Amazon’s new pricing strategy?

A colleague recommended a particular book this morning, so I went to Amazon to check it out.

Here’s what I saw on the home page:

Take a look at this close up:

Do you see the book on the right? It used to cost $10 but now Amazon buyers can get it for only $14.04?

I wonder if Amazon’s experimenting with a new pricing structure. Pretty bold in a down economy. 🙂

Jim Collins on thriving in 2009

I finally read the Jim Collins interview from Inc. magazine called “How to Thrive in 2009.

I’m a fan of his books Built to Last and Good to Great so the fact that I loved this article is no big surprise.

Here are some tidbits:

How do you define entrepreneurship?

I take a broad view of it. The traditional definition — founding an entity designed to make money — is too narrow for me. I see entrepreneurship as more of a life concept. We all make choices about how we live our lives. You can take a paint-by-numbers approach, or you can start with a blank canvas. When you paint by numbers, the end result is guaranteed. You know what it’s going to be, and it might be good, but it will never be a masterpiece. Starting with a blank canvas is the only way to get a masterpiece, but you could also blow up. So, are you going to pick the paint-by-numbers kit or the blank canvas? That’s a life question, not a business question.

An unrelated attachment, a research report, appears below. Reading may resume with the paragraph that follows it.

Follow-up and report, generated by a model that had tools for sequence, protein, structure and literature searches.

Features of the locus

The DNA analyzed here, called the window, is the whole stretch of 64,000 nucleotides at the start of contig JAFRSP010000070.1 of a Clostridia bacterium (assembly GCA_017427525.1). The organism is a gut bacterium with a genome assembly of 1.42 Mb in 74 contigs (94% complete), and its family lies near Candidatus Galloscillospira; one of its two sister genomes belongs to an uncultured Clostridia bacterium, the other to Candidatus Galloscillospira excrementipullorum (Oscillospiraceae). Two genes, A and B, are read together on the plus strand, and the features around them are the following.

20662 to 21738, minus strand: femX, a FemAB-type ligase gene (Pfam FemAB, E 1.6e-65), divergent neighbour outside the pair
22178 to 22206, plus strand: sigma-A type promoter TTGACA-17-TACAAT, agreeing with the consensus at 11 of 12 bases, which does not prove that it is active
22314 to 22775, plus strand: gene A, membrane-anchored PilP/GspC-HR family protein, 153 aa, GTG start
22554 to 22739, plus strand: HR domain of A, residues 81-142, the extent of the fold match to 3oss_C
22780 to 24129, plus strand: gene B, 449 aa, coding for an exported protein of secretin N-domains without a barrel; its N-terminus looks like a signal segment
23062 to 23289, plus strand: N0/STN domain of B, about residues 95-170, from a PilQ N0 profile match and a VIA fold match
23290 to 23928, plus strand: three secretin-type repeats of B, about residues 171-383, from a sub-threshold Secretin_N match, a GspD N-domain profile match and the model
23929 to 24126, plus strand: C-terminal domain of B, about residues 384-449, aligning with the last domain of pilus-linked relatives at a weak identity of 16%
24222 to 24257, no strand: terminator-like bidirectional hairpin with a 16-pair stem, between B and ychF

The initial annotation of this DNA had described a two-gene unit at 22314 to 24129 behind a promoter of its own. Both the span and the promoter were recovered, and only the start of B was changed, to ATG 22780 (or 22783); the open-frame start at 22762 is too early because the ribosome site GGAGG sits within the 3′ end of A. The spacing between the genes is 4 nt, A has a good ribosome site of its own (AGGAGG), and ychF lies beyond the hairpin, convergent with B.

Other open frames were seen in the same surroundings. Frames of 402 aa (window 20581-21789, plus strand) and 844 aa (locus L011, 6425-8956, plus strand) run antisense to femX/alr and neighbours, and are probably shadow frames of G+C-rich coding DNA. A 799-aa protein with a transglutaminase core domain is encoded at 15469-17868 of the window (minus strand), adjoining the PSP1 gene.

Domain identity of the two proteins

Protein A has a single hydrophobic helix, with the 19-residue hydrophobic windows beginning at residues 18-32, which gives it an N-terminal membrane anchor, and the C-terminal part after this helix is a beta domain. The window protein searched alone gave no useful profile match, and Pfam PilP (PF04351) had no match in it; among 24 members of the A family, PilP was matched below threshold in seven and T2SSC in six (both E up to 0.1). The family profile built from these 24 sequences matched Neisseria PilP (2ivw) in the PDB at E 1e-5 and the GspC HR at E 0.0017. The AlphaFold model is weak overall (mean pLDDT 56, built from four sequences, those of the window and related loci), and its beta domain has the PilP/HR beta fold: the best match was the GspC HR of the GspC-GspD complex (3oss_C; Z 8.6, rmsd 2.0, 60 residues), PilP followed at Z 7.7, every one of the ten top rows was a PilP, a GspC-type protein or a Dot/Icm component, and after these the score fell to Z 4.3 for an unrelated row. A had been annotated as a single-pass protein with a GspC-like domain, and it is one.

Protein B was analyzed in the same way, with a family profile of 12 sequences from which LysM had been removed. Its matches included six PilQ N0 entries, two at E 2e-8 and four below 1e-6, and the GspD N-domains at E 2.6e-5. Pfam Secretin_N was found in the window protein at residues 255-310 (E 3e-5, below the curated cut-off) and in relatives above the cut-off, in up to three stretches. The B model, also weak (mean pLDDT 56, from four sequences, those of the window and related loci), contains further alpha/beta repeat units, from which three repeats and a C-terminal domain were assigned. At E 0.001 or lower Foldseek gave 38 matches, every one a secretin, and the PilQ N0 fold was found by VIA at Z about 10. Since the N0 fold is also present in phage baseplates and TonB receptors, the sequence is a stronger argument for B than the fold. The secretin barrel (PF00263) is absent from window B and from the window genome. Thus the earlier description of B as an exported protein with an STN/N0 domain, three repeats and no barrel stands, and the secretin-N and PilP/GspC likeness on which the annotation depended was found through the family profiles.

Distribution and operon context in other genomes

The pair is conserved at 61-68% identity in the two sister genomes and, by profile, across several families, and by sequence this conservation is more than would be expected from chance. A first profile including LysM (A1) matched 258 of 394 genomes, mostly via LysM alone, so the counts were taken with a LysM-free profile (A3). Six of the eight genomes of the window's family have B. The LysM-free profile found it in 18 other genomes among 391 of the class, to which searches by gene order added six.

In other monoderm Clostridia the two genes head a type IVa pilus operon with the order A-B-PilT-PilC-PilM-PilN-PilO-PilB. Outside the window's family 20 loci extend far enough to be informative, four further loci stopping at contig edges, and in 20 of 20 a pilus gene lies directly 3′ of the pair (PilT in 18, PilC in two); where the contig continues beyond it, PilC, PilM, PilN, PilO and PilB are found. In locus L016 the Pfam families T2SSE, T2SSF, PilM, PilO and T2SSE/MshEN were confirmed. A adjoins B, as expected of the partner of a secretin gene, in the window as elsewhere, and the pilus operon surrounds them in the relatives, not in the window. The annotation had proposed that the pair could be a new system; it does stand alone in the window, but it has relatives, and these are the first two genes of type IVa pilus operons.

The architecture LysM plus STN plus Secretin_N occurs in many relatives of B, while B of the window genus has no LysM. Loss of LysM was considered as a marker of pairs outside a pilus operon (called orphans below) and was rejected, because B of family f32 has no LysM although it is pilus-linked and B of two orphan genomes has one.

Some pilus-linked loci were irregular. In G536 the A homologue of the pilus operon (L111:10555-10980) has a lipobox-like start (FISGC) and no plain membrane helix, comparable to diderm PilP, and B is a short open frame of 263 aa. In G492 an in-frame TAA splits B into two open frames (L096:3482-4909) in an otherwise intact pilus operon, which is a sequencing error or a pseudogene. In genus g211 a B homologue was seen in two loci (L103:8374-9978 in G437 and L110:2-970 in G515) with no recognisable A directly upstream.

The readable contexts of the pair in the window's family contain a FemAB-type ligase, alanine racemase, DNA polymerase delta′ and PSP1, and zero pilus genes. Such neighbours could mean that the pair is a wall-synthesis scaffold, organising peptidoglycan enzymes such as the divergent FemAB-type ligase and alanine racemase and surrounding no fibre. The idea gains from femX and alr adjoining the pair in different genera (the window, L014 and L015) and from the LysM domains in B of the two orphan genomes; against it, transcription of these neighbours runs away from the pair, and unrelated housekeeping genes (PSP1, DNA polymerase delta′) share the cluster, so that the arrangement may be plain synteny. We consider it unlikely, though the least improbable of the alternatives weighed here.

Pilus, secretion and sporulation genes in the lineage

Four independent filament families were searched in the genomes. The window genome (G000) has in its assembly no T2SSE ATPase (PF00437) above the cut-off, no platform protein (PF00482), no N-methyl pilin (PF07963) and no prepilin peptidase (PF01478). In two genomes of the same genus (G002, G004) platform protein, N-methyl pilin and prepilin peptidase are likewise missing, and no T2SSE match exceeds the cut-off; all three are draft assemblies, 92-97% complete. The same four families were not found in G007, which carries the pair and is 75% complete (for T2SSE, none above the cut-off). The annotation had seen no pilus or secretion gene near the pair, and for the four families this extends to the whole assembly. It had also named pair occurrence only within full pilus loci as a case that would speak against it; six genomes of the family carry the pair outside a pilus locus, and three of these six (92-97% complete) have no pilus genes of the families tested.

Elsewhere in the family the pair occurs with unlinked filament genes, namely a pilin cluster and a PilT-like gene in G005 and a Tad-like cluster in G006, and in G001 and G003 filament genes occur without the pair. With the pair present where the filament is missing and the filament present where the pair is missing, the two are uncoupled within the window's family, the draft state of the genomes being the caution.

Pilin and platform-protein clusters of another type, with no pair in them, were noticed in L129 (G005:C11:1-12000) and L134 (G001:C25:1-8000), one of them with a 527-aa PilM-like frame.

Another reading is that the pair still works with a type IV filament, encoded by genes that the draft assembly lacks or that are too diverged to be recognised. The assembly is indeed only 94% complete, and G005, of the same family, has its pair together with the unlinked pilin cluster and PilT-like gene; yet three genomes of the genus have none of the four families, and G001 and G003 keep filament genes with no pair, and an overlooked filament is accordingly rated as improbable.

I like paint-by-numbers. It’s a great feeling as a first born to “get it right.” But, personally, I’d really prefer to create a masterpiece.

Here’s another one:

It has to do with your ability to handle risk, no?

Not risk. Ambiguity. People confuse the two. My students used to come to me at Stanford and say, “I’d really like to do something on my own, but I’m just not ready to take that much risk. So I took the job with IBM.” And I would say, “You’re not ready for risk? What’s the first thing you learn about investing? Never put all your eggs in one basket. You’ve just put all your eggs in one basket that is held by somebody else.” As an entrepreneur, you know what the risks are. You see them. You understand them. You manage them. If you join someone else’s company, you may not know those risks, and not because they don’t exist. You just can’t see them, and so you can’t manage them. That’s a much more exposed position than the entrepreneur faces. But there’s lower ambiguity on the paint-by-numbers path: very clear but more risky. The entrepreneurial path: very ambiguous but less risk. Of course, the truth is that it’s all ambiguous, anyway. If you think you can predict the future, you’re crazy.

Isn’t the difference between ambiguity and risk a helpful distinction?! Those of us who’ve grown up seeing companies layoff employees know that cradle-to-grave security left the social contract decades ago. Having all your eggs in the “job” basket is indeed risky.

Check out the rest of the interview on Inc’s site. Hopefully it’ll spur your thinking as it has mine!

Storytelling, Journalism, and a Brave New World

Guy Kawasaki justed tweeted about a “must read speech on the new journalism career.”

Guess what? It’s not just about journalism.